In the last few days, I’ve been struck once again by the resilience of women.
I had the privilege of launching Natasha Stott Despoja’s new book about the scourge of family violence, I heard from the Children’s Commissioner of Victoria about the work they do to give girls a decent start at life, and heard from two wonderful organisations looking at women’s health and wellbeing.
These shining lights of research and action are the hope we need to improve the lives of girls and young women all over this country. Burnet Institute is conducting a long term study into young women’s health, and Foyer Foundation is a quiet, but vital, player in the world of youth homelessness.
In times of difficulty in my life, my father would invoke the airforce motto, Per Ardua Ad Astra, which means, through adversity to the stars. This week, and today of all days, this maxim rang loudly in my ears.
As we mark this International Women’s Day I am reminded that it’s a time to scrutinise our experience as women, but also to take stock of women’s innate strength, and celebrate all those girls and young women who thrive against all odds.
I want to share the story of a young woman, Chrissy. To me she is nothing less than extraordinary and her story demonstrates the power of organisations like Foyer Foundation.
Foyer Foundation is a national not-for-profit organisation that works on the deep challenge of youth homelessness and unemployment in Australia.
Now in her 20s, Chrissy was unable to live at home due to family violence, which caused severe mental health challenges for her.
She enrolled in Foyer student accommodation – which provided a safe, stable and secure home, and allowed her to concentrate on her studies and mental health, free from violence.
“Since early childhood my life has had many difficulties, but with the right support I have been able to develop my strengths and face my future with confidence as a young Indigenous woman in Australia.”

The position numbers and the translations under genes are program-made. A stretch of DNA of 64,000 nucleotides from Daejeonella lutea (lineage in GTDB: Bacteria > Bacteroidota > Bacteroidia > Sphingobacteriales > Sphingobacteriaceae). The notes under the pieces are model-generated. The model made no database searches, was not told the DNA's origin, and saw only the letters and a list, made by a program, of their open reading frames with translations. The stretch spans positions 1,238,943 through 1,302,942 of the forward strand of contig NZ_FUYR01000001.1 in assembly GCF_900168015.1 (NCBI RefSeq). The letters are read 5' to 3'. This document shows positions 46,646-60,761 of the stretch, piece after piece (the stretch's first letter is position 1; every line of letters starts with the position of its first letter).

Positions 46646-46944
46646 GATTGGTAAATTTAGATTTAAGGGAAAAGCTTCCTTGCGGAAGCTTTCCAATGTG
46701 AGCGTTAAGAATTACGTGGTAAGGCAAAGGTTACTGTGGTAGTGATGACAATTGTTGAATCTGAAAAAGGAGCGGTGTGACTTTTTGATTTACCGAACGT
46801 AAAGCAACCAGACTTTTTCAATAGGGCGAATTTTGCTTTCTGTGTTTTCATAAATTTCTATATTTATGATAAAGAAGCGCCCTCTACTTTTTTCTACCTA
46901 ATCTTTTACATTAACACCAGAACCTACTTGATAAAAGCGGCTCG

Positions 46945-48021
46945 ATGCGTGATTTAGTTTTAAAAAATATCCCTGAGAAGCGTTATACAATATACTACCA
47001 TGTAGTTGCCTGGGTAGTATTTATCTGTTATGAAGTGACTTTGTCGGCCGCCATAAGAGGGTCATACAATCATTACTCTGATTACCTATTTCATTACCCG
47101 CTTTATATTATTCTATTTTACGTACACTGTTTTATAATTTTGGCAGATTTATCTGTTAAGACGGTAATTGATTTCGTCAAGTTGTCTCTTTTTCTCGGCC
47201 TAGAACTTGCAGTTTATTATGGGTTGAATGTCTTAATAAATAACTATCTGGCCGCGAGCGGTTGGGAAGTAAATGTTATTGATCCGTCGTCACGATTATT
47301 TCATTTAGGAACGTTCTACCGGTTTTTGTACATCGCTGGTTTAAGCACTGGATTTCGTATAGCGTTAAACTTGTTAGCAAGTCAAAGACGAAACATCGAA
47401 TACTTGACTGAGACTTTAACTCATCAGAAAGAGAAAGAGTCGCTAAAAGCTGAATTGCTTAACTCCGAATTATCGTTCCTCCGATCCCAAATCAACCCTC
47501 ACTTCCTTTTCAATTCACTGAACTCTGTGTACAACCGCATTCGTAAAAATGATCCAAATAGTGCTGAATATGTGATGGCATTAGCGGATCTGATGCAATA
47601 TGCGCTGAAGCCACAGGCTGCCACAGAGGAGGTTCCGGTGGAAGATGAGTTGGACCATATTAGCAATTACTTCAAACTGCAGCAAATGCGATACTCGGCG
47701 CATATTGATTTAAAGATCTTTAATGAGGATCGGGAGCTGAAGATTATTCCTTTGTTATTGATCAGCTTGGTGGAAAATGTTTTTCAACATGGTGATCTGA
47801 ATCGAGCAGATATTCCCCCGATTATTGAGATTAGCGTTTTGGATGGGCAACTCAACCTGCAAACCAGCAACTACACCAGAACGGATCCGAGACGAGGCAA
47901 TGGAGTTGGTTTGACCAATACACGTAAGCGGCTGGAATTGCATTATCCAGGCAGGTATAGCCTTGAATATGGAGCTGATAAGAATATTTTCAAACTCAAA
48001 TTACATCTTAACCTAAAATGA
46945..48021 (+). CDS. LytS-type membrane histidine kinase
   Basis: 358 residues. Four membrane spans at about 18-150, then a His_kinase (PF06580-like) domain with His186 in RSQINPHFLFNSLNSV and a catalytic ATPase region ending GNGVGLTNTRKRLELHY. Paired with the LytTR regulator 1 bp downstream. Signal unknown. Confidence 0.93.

Today, she’s the principal carer for her siblings and a talented contemporary artist who has just been awarded a business scholarship to improve her career opportunities in the art world.
Hearing Chrissy’s story was a full circle moment for me.
This week I also attended Burnet’s International Women’s Day lunch with my daughter and my niece, and listened to their brilliant researchers. We were riveted by Liana Buchanan, the Victorian Principal Commissioner for Children and Young People.
Burnet is the organisation who is building the primary evidence through long-term research about young people’s health and well-being. Since 2005 they have been conducting a landmark survey – Sex, Drugs, & Rock ‘n’ Roll – to understand the health and key issues affecting young people in Australia – analysing data from more than 15,000 study participants. Their work has been wide-ranging, from risk behaviours, how these have changed over time, to alcohol and drug use, mental health and the impact of digital media. These highlight a stark reality of being a young woman in this country.
Their 2018 survey provides an excellent snapshot of the pressures girls and young women face today, with an alarming 60 per cent of respondents not satisfied with their physical appearance and 46 per cent following “fitspo” accounts (fit inspiration).
Today our girls must hurdle the pressures of the real world, but also an uncontrollable digital world – one where approval and criticism comes in the forms of likes and followers – with tools to edit how you look in extreme ways.
My girls face more pressures than their mother and grandmothers, in a world that demands more of them.
One of the greatest challenges for a parent is to balance that fine line between protecting your children, and letting them explore the world on their own.
This used to be something that centred around the school yard – letting your kids fight their own battles versus when to step in, wondering when they were old enough for their first solo trip to the shops with friends.
But in the modern world, it’s all about the digital age, and omnipresent social media. Our generations had to fight the stereotypes of Barbie’s looks, but this generation has to fight the onslaught of the online consumer juggernaut that is the Kardashians.
Our girls are plugged into instant feedback, but this hyper connectivity has opened the door to the risk of a new type of isolation.
It’s a known fact that girls deal with bullying and harassment, but in the digital world there is no escape from it – even in the confines of their own home.
A key lesson from Liana Buchanan is that we need to understand girls’ experience, and it means we need to give them the tools to autonomously shape their future. While girls are statistically more likely to do well at school and complete secondary education –this isn’t translating into economic security in adult life due to the gender pay gap and a disparity where women still do the bulk of unpaid work such as caring for children and elderly relatives.
On International Women’s Day we celebrate how far we have come, but shine a light on how much we have left to do.
Meaningful, permanent progress is always hard work, and along the way there will be stories of women overcoming adversity they never should have had to face.
Our work will not be complete, until we live in a world where our daughters have the same opportunities as our sons. So that they too, take their place as stars in the firmament.